Congregations seen as key to improving health

By Todd Cohen

GREENSBORO, N.C. — When Delaware state health officials shipped flu vaccine to the main hospital in Wilmington after a flu epidemic hit low-income neighborhoods in the city, many elderly people and children in those neighborhoods had no way of getting to the hospital for free flu shots and ended up in its emergency room with the flu.

The next year, at the suggestion of a hospital nurse, her church used its vans to pick up neighborhood residents and bring them to the church for free flu shots, cutting emergency room visits in half.

That effort, says Bob Wineburg, a professor of social work at the University of North Carolina at Greensboro, underscores what he says is a huge untapped potential for religious congregations, government and nonprofits to work together and use existing resources to address local health and human service needs.

Wineburg, who studied community organizing at Syracuse University and has spent the past 30 years looking at community support that religious organizations provide, now is working to put those ideas into practice in Guilford County.

As part of that effort, Wineburg partnered with the Rev. Odell Cleveland, chief administrative officer at Mount Zion Baptist Church of Greensboro, and Vince Francisco, an associate professor of public health education at UNCG, to organize a “Faith Summit” in November at Mount Zion that focused on health care.

The event attracted 762 people from congregations, nonprofits, health-care providers and government, and offered nearly two-dozen workshops on topics such as men’s health, dental health, mental health, immigrant health, youth health and how to form a nonprofit charity as a vehicle for raising philanthropic dollars.

“Our ultimate goal is to build a coherent system of community supports” that teams government, religious congregation, nonprofits and health-care providers, says Wineburg, Jefferson Pilot Excellence Professor at UNCG. “That’s how the American system of community supports will work, where people are working together.”

Endorsing the effort to build faith-based partnerships to improve health in the community was Melissa Rogers, special assistant to the President and executive director of the White House Office of Faith-based and Neighborhood Partnership and former director of the Center for Religion and Public Affairs at the Wake Forest University School of Divinity.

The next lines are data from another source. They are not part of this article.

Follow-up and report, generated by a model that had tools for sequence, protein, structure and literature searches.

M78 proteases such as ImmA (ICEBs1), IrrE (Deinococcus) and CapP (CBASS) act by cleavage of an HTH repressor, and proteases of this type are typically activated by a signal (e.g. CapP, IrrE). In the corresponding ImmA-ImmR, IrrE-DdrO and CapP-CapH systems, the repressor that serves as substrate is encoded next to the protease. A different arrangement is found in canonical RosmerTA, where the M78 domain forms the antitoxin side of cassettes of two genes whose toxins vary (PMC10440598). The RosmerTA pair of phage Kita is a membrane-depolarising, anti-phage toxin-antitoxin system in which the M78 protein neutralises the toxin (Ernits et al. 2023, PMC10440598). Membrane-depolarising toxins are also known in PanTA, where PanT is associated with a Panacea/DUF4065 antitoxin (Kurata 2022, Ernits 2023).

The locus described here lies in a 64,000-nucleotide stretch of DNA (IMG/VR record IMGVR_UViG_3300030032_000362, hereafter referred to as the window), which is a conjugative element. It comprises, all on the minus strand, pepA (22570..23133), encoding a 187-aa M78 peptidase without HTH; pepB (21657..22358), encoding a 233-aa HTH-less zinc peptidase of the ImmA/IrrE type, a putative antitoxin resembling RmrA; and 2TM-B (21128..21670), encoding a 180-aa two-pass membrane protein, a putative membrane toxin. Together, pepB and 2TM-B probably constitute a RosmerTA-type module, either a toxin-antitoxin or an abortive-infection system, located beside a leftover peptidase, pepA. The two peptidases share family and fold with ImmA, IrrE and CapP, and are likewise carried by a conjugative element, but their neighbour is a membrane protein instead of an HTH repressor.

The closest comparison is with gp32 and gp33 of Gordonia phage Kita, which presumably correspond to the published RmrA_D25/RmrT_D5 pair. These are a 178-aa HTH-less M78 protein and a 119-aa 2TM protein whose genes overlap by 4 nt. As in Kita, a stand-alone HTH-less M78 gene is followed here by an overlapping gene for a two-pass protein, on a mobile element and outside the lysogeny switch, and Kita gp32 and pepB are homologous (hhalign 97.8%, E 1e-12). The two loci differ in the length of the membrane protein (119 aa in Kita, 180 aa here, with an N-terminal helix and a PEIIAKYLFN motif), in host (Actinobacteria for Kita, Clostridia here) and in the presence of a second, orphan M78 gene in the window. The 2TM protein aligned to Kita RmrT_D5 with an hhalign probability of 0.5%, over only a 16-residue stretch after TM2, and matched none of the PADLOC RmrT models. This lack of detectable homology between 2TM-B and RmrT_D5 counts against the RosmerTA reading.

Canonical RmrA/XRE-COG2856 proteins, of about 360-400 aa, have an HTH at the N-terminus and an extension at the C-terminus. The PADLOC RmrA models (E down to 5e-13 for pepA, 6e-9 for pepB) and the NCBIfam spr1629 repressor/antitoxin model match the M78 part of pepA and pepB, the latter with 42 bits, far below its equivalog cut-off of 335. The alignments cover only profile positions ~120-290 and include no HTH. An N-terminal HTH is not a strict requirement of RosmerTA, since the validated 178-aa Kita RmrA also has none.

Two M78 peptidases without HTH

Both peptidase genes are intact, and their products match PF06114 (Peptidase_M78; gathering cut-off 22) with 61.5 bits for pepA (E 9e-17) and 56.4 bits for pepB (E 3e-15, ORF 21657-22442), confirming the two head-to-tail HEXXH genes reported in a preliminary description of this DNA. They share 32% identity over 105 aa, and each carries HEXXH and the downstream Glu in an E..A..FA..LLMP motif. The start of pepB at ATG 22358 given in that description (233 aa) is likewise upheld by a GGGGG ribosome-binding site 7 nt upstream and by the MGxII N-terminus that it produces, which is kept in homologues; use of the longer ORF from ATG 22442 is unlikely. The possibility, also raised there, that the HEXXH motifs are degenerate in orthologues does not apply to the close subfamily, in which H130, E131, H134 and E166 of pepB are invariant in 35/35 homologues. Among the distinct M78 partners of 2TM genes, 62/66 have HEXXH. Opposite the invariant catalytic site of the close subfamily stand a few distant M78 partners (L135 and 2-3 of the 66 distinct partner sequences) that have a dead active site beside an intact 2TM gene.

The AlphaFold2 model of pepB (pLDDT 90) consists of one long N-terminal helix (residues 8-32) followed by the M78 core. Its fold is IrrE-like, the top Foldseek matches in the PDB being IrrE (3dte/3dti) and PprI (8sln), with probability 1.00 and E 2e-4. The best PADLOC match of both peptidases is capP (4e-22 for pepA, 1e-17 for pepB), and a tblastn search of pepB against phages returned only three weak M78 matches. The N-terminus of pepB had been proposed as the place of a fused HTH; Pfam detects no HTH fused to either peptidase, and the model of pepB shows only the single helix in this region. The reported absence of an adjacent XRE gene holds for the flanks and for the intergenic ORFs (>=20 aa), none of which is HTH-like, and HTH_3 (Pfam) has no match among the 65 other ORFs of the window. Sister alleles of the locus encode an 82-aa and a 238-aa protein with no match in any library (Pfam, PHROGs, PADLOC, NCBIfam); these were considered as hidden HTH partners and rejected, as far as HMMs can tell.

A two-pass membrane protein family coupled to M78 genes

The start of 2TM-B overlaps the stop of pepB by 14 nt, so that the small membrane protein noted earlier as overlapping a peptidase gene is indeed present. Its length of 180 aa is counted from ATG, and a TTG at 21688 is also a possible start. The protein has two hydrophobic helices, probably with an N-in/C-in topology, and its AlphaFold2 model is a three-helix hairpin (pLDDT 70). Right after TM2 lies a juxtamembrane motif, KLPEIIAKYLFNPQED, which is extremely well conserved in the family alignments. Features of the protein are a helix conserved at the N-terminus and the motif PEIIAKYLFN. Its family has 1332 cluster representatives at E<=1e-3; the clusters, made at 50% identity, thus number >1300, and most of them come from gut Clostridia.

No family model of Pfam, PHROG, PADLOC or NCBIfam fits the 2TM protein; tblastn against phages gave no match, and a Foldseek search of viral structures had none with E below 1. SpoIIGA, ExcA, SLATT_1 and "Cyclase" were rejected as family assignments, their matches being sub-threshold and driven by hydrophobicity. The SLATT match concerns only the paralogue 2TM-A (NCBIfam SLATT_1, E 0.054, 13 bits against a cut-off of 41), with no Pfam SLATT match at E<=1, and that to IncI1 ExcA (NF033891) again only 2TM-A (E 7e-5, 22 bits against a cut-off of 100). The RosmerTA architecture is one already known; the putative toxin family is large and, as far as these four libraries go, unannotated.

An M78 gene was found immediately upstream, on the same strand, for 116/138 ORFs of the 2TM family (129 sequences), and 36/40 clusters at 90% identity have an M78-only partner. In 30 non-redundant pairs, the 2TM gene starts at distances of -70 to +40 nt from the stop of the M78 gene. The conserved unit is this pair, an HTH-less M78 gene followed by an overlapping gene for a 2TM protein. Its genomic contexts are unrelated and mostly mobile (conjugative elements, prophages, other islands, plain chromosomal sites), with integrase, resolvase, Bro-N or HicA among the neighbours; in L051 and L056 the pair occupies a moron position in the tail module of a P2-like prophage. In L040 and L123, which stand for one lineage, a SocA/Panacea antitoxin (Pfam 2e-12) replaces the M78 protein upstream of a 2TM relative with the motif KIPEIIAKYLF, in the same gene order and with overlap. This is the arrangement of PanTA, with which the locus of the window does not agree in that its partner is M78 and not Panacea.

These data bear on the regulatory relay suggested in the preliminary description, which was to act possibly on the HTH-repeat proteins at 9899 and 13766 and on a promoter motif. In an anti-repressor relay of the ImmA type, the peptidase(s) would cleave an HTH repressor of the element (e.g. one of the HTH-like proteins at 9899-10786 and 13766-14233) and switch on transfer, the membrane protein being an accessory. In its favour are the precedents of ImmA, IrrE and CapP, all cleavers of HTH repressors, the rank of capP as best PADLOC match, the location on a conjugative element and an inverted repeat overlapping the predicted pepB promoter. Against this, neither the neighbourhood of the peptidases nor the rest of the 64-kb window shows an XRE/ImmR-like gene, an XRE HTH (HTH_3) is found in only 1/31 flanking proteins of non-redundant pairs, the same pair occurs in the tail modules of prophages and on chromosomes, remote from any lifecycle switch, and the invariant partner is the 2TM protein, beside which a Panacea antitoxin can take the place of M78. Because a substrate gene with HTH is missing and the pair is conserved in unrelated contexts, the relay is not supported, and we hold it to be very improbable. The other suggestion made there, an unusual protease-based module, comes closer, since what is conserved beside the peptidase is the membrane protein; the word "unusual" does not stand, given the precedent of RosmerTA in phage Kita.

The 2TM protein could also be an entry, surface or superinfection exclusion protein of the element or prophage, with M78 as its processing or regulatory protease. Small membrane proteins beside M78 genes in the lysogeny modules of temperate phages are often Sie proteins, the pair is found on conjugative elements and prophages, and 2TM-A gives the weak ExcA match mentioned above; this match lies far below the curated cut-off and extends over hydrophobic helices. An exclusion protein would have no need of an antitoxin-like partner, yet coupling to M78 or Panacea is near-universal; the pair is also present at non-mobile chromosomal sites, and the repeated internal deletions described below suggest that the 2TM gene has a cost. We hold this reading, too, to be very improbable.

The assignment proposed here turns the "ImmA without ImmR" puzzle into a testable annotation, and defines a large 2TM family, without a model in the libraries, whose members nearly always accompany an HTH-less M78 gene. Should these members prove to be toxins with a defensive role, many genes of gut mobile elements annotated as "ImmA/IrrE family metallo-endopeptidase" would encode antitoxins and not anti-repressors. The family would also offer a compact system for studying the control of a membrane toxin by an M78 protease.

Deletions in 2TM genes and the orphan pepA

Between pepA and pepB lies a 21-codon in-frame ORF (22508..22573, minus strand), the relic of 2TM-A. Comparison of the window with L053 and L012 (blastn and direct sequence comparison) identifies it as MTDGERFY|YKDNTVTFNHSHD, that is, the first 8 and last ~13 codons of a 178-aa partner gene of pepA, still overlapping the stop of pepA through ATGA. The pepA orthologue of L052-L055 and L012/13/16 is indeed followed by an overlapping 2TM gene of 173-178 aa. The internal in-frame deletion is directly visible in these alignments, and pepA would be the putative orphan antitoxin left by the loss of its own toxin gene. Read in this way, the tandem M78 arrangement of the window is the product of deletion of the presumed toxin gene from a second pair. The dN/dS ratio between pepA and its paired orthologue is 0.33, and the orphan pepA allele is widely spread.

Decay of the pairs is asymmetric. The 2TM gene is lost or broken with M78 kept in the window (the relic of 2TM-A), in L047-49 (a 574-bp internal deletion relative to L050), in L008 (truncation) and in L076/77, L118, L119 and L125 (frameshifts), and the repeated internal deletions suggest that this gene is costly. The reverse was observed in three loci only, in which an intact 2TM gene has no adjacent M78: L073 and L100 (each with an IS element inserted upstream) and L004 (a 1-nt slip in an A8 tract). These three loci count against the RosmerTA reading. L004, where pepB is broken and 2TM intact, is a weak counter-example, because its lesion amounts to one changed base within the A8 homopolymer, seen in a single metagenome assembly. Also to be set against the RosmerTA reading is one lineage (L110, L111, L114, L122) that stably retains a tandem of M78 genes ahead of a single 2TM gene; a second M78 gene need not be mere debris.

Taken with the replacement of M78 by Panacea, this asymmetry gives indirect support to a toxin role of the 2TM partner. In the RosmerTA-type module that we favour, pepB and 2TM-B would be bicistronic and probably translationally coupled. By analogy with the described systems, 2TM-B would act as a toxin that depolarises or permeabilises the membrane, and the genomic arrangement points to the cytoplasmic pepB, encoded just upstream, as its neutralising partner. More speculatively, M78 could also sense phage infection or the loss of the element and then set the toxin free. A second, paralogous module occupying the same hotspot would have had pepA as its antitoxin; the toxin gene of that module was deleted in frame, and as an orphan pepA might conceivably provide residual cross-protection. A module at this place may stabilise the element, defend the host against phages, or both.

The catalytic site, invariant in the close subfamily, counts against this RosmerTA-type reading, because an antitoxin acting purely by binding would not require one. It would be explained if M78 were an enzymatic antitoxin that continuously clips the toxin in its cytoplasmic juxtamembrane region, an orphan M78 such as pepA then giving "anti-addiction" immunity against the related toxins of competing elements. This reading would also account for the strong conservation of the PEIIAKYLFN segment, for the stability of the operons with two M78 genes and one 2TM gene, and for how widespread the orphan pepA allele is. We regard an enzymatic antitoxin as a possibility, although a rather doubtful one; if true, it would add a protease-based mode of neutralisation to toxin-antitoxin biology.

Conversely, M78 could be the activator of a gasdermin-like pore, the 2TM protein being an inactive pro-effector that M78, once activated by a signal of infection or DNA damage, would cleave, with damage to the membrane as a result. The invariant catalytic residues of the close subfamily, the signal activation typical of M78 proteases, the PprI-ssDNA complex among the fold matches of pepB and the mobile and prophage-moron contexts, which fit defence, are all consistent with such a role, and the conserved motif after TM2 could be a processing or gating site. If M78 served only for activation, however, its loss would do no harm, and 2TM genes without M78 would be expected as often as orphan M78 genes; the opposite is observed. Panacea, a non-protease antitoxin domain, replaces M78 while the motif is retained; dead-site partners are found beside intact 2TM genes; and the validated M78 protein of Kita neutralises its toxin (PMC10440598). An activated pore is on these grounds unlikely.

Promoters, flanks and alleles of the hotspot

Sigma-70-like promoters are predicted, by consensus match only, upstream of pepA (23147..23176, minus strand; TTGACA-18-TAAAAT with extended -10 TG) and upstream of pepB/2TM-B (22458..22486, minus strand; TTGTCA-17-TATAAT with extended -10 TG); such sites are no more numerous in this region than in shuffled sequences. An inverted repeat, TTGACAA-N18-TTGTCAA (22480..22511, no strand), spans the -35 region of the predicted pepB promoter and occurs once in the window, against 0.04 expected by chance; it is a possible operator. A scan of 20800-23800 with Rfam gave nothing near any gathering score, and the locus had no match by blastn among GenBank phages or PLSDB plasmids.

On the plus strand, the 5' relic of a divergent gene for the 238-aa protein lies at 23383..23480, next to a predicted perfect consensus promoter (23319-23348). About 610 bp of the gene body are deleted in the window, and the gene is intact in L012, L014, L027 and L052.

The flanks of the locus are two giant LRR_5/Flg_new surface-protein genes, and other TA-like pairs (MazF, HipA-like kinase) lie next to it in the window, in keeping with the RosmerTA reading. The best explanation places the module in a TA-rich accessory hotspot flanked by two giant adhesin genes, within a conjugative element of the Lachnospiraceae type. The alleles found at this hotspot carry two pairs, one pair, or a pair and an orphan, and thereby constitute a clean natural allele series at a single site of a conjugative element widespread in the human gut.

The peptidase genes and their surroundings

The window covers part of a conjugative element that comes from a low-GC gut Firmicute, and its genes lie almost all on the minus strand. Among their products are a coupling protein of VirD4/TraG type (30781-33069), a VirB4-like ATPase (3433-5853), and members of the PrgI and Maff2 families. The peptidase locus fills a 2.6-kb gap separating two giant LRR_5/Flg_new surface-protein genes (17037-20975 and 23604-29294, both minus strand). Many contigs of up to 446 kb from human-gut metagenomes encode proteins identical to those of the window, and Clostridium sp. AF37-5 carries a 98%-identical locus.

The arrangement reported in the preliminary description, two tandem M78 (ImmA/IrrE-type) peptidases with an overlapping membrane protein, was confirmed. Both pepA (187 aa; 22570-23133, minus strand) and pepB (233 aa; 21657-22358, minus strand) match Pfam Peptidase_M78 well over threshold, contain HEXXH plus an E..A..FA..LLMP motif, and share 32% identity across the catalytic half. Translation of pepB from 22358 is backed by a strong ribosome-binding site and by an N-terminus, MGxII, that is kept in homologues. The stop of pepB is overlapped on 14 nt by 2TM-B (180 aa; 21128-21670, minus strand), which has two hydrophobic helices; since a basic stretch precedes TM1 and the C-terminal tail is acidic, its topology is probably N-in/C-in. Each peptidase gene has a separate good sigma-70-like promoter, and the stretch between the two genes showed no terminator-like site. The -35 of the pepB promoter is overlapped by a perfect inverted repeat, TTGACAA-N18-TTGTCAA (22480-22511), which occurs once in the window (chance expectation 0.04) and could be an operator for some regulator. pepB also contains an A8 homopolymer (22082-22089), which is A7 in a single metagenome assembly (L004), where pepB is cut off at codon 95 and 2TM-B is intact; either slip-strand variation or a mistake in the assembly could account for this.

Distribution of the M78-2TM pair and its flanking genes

“You are pioneering a model that we can all learn from,” she said in her keynote speech at the Faith Summit. “What you do in Greensboro will make a difference, not just in Greensboro. It will make a difference in the United States of America.”

Wineburg says the U.S. has 350,000 religious congregations with organized pools of volunteers and a lot of space that can be used to help educate community residents about staying healthy, and to house clinics and other programs to deliver preventive health care.

“We spend most of our health dollars on medicine, not on prevention,” he says.

The Faith Summit alone attracted representatives of 40 large churches in the region that together have 30,000 members.

“We want Mount Zion to be a portal and convenor for how to develop better relationships with the faith community for education for better community health,” says Wineburg, who helped Cleveland found the Welfare Reform Liaison Project in 1997.

That nonprofit, which promotes self-sufficiency for low-income families through employment training and the distribution of donated products, has had an aggregate impact on the community totaling $100 million, Wineburg says.

UNCG and Mount Zion now aim to raise awareness about the Faith Summit, he says, starting with a production of a 14-minute video featuring 1-minute clips from workshops at the Summit that he hopes will be posted on the UNCG and Mount Zion websites.

“Odell and I are in this for the long haul,” Wineburg says, “to change our community and to provide a model for other communities.”

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